In an apparent sign of things maybe–maybe not–to come, Bill Clinton indicated his support for the US-India nuclear deal. This is not shocking, given Hillary’s vigorous support for the US India nuclear deal. But former President Clinton did leave the door open to revisions–suggesting another grueling round of negotiations should his wife, Hillary Clinton, be elected President this November.

From Sify News:

Underlining strong bipartisan consensus for the deal in his country, he said the US has a made “a decision across parties to build strategic partnership with India in the 21st century”.

“The deal could have been stronger on the “non-proliferation side”, Clinton replied when asked what portions of the deal he would have liked to change if he were the President.

“We did not want to give the Chinese an excuse to develop nuclear weapons,” Clinton replied when asked why such a deal could not be reached during his tenure as the president between 1992 to 2000.

“The agreement should be supported. There’s a strong level of trust between India and the US. The US would be willing should Indians wish to revisit some provisions of the deal,” Clinton said when asked whether a Democratic Party administration would like to renegotiate the deal if they come to power next year.

Is Bill speaking for himself, or rather the policy of a Hillary Clinton administration? Only time will tell.

For more on Hillary Clinton’s foreign policy, read her recent policy brief in Foreign Affairs.

The Decemeber 2007 brief does touch on the Nuclear Test Ban Treaty and the Nuclear Non-Proliferation Treaty (NPT):

But we lost that opportunity by refusing to let the UN inspectors finish their work in Iraq and rushing to war instead. Moreover, we diverted vital military and financial resources from the struggle against al Qaeda and the daunting task of building a Muslim democracy in Afghanistan. At the same time, we embarked on an unprecedented course of unilateralism: refusing to pursue ratification of the Comprehensive Nuclear Test Ban Treaty, abandoning our commitment to nuclear nonproliferation, and turning our backs on the search for peace in the Middle East. Our withdrawal from the Kyoto Protocol and refusal to participate in any international effort to deal with the tremendous challenges of climate change further damaged our international standing.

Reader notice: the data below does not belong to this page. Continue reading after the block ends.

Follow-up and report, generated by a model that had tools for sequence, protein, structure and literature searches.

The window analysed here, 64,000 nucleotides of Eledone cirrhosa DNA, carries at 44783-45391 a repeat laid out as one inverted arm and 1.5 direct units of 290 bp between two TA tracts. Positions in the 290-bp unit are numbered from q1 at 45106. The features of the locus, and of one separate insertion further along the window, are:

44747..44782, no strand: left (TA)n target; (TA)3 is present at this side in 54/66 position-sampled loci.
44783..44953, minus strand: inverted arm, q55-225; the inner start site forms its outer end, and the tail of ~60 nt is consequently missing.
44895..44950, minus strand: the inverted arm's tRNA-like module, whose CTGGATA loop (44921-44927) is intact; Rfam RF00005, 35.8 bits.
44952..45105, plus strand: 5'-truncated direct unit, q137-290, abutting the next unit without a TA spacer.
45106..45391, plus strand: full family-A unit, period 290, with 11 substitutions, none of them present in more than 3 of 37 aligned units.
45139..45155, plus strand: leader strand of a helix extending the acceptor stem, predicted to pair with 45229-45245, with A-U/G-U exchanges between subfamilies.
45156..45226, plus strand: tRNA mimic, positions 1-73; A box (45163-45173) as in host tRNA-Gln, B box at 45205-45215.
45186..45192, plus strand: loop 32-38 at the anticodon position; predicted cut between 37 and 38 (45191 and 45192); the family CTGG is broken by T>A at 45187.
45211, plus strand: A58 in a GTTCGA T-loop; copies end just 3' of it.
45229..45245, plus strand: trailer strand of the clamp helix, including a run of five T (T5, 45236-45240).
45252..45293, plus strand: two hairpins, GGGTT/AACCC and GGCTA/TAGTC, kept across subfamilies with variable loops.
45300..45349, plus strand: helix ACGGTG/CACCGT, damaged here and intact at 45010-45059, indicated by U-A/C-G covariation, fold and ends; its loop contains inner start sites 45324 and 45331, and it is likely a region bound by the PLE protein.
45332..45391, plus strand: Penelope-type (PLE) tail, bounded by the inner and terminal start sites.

Posted in America, Clinton, India, Nuclear Deal, US | Tagged: , , , , , , | 4 Comments »

US-India Nuclear Deal: Will Time Run Out?

Posted by K.E. White on January 18, 2008

While groups may be coalescing against the US-India nuclear deal, its passage is still an open question in the twilight days of the Bush administration. But will it meet its summer 2008 deadline?

This AFP article skillfully dissects the difficulties of the US-India nuclear deal:

The nuclear deal with India is virtually stuck on two fronts — in Prime Minister Manmohan Singh’s administration, where communist and other leftist coalition parties are against it, and at the International Atomic Energy Agency (IAEA), where New Delhi is struggling to forge critical atomic safeguards.

Bush and Singh agreed more than two years ago that Washington would provide India with nuclear fuel and technology even though the Asian nation has not signed the nuclear Non-Proliferation Treaty.

But India had to place selected nuclear facilities under international safeguards, including inspections, which has to be agreed upon by the IAEA board of directors.

A third round of talks between Indian and IAEA officials ended last week without resolution on India’s demands for a mechanism to create a strategic reserve to meet lifetime fuel supply for its civilian nuclear plants, as well as “corrective measures” in the event of stoppage of fuel to power plants, experts said.